Hamas as a Political Party: Democratization in the Palestinian Territories
Political Science and International Affairs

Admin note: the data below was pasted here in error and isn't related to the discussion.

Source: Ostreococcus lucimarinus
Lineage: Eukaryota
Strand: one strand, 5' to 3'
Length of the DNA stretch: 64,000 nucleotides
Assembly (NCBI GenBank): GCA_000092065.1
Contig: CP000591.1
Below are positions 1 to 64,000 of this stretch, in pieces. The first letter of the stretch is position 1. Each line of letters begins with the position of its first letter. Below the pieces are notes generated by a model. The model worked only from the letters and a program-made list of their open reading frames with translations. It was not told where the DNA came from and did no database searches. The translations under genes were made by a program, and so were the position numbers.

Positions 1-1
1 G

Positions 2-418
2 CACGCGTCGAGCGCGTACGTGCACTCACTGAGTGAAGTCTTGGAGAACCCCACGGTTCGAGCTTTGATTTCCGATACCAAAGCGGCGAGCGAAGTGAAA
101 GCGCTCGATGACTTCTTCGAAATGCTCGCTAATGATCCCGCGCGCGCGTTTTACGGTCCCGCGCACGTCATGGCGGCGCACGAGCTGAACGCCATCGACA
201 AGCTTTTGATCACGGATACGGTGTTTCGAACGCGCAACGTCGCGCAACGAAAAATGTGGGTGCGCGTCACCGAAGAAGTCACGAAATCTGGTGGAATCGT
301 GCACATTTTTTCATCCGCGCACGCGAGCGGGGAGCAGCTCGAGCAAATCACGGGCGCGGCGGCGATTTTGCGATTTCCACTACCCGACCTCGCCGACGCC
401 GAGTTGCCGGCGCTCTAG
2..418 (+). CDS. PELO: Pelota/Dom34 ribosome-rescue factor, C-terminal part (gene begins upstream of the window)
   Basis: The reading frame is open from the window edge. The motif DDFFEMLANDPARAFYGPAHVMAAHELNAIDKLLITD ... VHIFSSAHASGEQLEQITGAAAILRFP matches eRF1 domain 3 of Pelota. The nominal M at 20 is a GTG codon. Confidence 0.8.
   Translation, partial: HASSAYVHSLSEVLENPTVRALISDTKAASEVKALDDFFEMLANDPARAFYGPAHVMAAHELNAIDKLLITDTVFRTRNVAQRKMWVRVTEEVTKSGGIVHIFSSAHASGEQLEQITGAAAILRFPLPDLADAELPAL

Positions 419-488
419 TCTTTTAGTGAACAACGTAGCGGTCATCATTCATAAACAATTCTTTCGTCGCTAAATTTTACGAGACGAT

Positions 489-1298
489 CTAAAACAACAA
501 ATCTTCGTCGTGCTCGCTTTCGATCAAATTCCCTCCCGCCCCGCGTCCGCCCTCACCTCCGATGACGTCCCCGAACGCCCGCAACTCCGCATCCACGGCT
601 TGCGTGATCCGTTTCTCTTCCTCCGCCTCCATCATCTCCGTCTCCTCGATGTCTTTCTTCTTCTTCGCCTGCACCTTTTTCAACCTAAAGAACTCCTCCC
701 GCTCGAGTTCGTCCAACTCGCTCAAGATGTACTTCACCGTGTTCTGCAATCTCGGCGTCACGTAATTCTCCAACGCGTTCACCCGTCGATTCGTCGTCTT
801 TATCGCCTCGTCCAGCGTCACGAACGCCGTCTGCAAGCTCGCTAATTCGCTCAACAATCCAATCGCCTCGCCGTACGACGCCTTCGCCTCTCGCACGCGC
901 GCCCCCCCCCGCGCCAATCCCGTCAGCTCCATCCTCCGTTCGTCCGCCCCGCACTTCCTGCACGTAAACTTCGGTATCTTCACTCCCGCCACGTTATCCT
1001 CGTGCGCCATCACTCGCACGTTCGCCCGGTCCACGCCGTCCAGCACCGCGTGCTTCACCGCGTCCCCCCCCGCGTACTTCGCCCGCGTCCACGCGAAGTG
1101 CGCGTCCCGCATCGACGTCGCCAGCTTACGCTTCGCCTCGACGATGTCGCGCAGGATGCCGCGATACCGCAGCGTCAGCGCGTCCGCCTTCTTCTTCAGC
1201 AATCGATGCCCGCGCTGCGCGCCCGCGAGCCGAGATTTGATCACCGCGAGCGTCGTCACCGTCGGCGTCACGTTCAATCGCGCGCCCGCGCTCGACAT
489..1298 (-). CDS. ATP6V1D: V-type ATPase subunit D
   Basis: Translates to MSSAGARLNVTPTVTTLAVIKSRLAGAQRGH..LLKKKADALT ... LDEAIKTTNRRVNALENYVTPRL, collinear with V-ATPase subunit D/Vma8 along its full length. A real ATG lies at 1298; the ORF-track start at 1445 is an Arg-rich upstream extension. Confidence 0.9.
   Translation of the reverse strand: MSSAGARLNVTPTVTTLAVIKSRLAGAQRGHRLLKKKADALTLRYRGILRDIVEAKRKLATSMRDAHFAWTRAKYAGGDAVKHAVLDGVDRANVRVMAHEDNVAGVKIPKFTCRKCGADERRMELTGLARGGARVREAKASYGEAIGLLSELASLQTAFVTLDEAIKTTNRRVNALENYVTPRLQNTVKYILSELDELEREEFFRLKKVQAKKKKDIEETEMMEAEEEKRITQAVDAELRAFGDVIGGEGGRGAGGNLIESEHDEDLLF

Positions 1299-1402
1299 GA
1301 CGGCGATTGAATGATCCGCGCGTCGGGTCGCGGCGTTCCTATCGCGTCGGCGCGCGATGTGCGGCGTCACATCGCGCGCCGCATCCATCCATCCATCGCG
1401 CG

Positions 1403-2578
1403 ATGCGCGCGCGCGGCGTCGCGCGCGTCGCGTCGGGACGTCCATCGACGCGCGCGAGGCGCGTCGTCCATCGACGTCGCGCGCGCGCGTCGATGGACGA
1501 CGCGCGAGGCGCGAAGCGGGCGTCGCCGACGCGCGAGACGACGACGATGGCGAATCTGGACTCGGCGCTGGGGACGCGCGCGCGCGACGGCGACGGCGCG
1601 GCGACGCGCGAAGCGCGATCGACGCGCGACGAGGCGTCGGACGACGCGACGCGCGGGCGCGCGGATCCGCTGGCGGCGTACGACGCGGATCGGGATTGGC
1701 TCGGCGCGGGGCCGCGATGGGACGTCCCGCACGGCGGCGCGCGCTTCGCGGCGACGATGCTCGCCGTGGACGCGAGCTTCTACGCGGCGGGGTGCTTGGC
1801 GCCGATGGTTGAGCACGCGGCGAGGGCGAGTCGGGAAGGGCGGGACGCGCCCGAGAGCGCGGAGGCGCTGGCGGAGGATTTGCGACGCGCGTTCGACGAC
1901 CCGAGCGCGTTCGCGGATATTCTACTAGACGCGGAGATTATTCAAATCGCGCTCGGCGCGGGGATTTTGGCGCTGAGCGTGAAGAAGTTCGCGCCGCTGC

Why do violent movements participate in elections? To answer this question, we examine Hamas's formation of the Reform and Change Party and its iconic victory in the 2006 elections to the Palestinian Legislative Council. We argue that Hamas's formation of this party was a logical step, following nearly two decades of participation in local and municipal elections. Hamas's need to attract resources from external donors, who make funding decisions based on civilian support for the movement, best explains why Hamas decided to participate in local elections in the early 1990s, taking Hamas on a path that eventually led to its 2006 legislative victory. Hamas's foray into elections was consistent with its dual strategy of directing violence against Israel and building Palestinian support through welfare services. We demonstrate that changes in political opportunities (Fatah's decline and the increase in Hamas's popularity), institutional incentives (lax electoral laws and the holding of municipal elections), and the rise of moderate voices within Hamas explain the timing of its entry into legislative elections. Finally, we discuss Hamas's electoral victory, the need for cooperation between Fatah and Hamas, and the role played by international actors as significant factors influencing prospects for peace and democratization in the region.